In theory, humankind can understand the many interactions of biological processes at the cellular level by observing them, but in practice, we don’t have the kind of lifespan that it would take to record and analyze those interactions to the point of being able to cure diseases like cancer or Alzheimer’s. That’s where we need AI: not to replace our researchers, but to enhance their ability to do research.
The Cancer Experiment
Back to U of M and Tufts, researchers are hard at work making the future a healthier place to live, and they are using a little bit of help from AI to do it.
The team used an AI to learn a little bit more about the biophysics of cancer, combining cutting-edge medical research with the latest in accurate data-crunching. In a previous round of research, the scientists found that the pigment cells, called melanocytes, in tadpoles could be converted into a cancer-like form, and thanks to an AI that could reverse-engineer that process, they discovered that all the melanocytes in a single larva either transformed into cancer or didn’t change at all.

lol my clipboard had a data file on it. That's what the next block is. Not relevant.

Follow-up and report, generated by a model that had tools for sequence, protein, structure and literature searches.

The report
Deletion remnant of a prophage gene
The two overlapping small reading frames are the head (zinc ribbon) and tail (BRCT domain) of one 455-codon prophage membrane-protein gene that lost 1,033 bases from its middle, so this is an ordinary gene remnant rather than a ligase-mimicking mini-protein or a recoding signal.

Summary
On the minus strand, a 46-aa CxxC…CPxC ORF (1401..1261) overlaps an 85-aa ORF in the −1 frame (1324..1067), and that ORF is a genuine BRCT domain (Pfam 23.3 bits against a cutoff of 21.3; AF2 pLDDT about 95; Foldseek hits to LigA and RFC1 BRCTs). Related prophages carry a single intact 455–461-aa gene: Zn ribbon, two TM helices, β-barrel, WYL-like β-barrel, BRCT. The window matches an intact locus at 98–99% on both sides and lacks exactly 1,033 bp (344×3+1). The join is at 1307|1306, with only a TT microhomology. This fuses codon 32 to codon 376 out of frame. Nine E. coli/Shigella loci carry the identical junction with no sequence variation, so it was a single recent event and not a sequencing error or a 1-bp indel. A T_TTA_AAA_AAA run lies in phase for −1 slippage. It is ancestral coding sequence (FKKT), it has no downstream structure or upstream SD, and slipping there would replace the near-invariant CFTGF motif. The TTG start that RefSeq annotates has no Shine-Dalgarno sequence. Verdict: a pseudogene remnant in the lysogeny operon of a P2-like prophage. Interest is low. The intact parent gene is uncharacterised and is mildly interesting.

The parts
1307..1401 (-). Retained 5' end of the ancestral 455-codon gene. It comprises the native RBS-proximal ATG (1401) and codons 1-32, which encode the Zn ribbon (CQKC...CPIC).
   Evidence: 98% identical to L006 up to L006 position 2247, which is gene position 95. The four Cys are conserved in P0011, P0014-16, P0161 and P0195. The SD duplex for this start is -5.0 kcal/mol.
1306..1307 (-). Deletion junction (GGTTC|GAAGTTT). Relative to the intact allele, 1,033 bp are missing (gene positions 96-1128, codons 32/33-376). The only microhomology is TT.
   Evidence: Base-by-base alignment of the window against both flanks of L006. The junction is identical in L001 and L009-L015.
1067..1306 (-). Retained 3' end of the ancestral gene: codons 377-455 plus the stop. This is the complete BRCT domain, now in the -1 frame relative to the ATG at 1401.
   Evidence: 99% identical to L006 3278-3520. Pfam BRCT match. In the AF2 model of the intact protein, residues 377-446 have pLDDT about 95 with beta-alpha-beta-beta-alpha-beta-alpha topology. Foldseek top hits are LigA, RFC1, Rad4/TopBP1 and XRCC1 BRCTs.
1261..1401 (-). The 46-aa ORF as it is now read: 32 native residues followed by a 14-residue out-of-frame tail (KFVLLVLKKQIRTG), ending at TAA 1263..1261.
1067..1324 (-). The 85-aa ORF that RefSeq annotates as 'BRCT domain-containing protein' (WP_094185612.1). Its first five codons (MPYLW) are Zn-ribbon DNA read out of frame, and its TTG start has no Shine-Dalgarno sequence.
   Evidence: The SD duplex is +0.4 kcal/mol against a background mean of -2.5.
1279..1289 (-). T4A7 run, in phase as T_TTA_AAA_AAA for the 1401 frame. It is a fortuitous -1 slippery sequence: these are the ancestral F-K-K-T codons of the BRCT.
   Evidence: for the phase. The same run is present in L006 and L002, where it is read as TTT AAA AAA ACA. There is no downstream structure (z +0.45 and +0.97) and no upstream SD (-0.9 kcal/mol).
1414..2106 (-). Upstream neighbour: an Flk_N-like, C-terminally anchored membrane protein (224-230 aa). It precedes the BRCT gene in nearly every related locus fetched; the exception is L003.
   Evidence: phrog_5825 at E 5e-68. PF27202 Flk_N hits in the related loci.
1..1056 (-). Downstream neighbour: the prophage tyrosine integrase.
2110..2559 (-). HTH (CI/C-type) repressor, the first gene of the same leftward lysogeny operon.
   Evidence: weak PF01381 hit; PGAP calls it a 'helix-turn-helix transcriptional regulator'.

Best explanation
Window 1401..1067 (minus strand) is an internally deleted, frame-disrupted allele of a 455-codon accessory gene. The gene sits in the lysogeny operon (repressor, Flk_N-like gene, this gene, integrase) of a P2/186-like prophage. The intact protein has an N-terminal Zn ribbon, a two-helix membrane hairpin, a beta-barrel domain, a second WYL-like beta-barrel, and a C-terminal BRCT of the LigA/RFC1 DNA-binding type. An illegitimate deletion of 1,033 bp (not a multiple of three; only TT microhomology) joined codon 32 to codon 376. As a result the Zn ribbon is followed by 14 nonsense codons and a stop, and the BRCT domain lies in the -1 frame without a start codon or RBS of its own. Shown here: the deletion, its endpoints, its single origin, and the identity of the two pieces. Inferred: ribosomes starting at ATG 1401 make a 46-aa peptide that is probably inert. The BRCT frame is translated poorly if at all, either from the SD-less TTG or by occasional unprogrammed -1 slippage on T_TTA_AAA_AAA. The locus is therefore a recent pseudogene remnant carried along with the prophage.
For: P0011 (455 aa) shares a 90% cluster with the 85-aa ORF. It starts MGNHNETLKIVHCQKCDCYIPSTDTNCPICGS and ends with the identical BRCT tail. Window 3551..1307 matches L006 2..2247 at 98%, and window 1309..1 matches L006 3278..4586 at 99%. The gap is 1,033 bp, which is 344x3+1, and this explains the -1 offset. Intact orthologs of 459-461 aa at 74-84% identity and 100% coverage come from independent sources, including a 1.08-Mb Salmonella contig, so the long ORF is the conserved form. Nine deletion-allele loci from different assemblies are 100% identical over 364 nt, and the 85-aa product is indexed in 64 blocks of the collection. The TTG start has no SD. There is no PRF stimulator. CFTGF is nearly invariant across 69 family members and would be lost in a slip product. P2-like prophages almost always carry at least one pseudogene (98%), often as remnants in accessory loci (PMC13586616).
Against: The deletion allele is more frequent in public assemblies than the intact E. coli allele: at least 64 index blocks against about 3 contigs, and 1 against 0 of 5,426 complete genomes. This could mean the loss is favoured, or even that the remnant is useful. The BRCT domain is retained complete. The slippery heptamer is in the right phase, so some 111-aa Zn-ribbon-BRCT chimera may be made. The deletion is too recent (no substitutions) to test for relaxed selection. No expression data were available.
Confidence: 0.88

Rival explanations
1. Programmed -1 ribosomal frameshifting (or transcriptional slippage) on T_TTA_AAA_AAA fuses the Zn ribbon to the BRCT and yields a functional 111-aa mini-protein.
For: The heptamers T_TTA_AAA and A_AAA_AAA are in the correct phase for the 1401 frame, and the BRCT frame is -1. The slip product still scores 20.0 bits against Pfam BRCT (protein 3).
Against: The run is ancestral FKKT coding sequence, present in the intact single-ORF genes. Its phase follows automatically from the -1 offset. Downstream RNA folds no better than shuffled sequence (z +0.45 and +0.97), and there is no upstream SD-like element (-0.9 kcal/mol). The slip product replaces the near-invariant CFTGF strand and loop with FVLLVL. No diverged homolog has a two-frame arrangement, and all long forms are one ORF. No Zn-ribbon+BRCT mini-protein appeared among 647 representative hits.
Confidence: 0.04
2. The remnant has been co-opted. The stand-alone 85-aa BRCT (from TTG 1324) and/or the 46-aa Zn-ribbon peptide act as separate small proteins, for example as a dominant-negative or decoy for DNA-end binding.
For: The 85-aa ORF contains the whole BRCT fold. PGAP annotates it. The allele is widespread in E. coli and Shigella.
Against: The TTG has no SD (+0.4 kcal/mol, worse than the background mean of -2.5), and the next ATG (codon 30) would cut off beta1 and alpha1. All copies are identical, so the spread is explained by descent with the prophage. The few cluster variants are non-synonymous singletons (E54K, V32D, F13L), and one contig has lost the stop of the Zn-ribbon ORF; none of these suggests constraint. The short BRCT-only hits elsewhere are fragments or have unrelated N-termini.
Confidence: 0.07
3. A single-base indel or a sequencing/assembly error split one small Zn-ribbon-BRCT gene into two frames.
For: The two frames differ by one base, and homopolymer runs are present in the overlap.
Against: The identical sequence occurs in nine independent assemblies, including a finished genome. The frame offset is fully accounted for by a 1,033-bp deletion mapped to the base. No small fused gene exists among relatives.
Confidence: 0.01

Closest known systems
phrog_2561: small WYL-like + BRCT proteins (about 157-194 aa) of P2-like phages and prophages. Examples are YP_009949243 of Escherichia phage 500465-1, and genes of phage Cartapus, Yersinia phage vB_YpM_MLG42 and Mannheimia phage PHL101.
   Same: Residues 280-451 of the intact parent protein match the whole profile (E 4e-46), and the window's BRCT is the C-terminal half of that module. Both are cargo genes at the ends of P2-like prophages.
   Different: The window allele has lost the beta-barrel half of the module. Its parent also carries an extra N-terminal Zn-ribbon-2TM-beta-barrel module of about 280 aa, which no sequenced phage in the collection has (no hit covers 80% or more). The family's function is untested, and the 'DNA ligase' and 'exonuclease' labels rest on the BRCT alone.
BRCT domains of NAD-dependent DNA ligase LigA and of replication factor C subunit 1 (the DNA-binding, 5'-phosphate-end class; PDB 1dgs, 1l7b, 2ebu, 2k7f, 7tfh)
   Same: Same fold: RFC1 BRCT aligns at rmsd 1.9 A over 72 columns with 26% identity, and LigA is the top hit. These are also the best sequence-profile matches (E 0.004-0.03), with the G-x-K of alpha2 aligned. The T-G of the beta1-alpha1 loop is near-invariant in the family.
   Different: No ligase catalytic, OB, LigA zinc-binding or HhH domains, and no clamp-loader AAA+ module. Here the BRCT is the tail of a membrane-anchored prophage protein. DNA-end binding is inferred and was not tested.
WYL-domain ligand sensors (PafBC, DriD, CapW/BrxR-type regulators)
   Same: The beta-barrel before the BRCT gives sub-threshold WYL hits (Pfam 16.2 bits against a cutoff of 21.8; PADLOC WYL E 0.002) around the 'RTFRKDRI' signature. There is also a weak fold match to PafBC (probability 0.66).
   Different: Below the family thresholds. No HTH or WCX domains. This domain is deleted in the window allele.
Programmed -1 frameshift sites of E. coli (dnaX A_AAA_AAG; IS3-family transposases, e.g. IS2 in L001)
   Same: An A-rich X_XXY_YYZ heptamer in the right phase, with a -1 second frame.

Taking a cue from that study, the researchers then set out to find out how to achieve a partial melanocyte conversion within the same animal. This time, the team tasked the AI with answering that question, and it delivered a very satisfactory result.
According to their AI model, three reagents can achieve partial melanocyte conversion: altanserin, reserpine, and VP16-XICreb1. This chemical cocktail was used in vivo on tadpoles, eliciting a transformation of melanocytes in localized areas within an individual frog larvae, leaving the non-converted parts untouched. It is worth noting at this point that this outcome had never been seen before.
According to Michael Levin, Ph.D., “Our system predicted a three-component treatment, which we’d never have come up with on our own, that achieved the exact outcome we wanted, and which we hadn’t seen before in years of diverse experiments.”